Then, inevitably, once people who were interested had installed it, that ranking fell, leading, also inevitably, to a round of denunciation this week about how it was a flash in the pan.
Indeed, Twitter #Music faces a bit of a chicken-and-egg problem. It will only improve as a music recommender if more people keep using it, and keep sharing what they’re #NowPlaying on Twitter. Marketers are hoping they do, but they’re not the only ones paying attention.
Twitter’s Popular and Emerging charts have become tweet-fodder for artists and fans alike, which could spawn both the chicken and the egg, lending momentum to thus burgeoning platform — momentum it needs, because it’s ignoring the non-Twitter part of the internet that We Are Hunted used to see.
What’s happening is this: Popstars are seeing themselves on the charts — don’t call them vain, because pretentious authors do the same with their Amazon book rankings — and then (what else) tweeting about it. Also, fans are tweeting about seeing the artists they like in the charts, or about finding stuff on the charts. In other words, we might be seeing this chicken pull itself out of the egg.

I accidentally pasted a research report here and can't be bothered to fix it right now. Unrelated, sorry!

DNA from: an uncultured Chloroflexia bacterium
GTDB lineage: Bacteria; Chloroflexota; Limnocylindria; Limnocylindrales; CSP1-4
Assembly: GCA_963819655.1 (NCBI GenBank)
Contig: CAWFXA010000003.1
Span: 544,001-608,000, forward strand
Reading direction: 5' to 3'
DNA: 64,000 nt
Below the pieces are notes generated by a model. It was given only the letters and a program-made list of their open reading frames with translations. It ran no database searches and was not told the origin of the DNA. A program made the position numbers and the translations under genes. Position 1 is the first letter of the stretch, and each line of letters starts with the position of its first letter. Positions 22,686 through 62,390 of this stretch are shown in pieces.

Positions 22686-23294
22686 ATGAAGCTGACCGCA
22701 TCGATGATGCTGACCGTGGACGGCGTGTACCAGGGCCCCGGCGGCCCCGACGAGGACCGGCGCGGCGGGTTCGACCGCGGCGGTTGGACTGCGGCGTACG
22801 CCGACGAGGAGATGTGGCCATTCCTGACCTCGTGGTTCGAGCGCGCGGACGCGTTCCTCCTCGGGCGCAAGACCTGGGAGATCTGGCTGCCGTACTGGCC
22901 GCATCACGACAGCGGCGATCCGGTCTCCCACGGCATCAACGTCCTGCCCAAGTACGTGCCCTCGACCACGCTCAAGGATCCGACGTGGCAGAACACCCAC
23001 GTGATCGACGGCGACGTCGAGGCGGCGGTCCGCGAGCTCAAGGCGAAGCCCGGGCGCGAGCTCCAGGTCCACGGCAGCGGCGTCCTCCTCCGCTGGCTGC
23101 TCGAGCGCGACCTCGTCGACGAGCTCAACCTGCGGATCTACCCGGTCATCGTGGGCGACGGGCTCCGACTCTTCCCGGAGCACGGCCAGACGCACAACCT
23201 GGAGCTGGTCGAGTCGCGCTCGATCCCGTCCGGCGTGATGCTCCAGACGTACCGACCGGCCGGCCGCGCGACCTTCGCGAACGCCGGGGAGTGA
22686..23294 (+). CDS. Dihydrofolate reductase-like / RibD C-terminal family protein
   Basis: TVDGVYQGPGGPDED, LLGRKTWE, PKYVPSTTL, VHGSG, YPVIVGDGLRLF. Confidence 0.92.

A Twitter spokeswoman sent Evolver.fm the following examples of artists tweeting about their chart placement, after we asked them to keep us posted on anything interesting going on over there:
— Janelle Monae (@JanelleMonae) April 24, 2013
— ASHANTI (@ashanti) April 27, 2013
“I Just Wanna” charts at #10 on the new Twitter Music app! Thanks to everyone for supporting. Love y’all. ❤ twitter.com/kmichelle/stat…
— K.Michelle (@kmichelle) April 24, 2013
— Ajimal (@ajimalmusic) April 21, 2013
— Frances Cone (@FrancesConeBand) April 18, 2013
Twitter also points out that fans are eying these charts and tweeting about them too, which could add to the cycle:
— Molly M. Johnson (@mollymanning13) April 18, 2013
— Scott Davidson (@scottpdavidson) April 18, 2013
— Gita Williams (@Gitz9) April 26, 2013
And here’s the part where we gratuitously tell you to follow us on Twitter.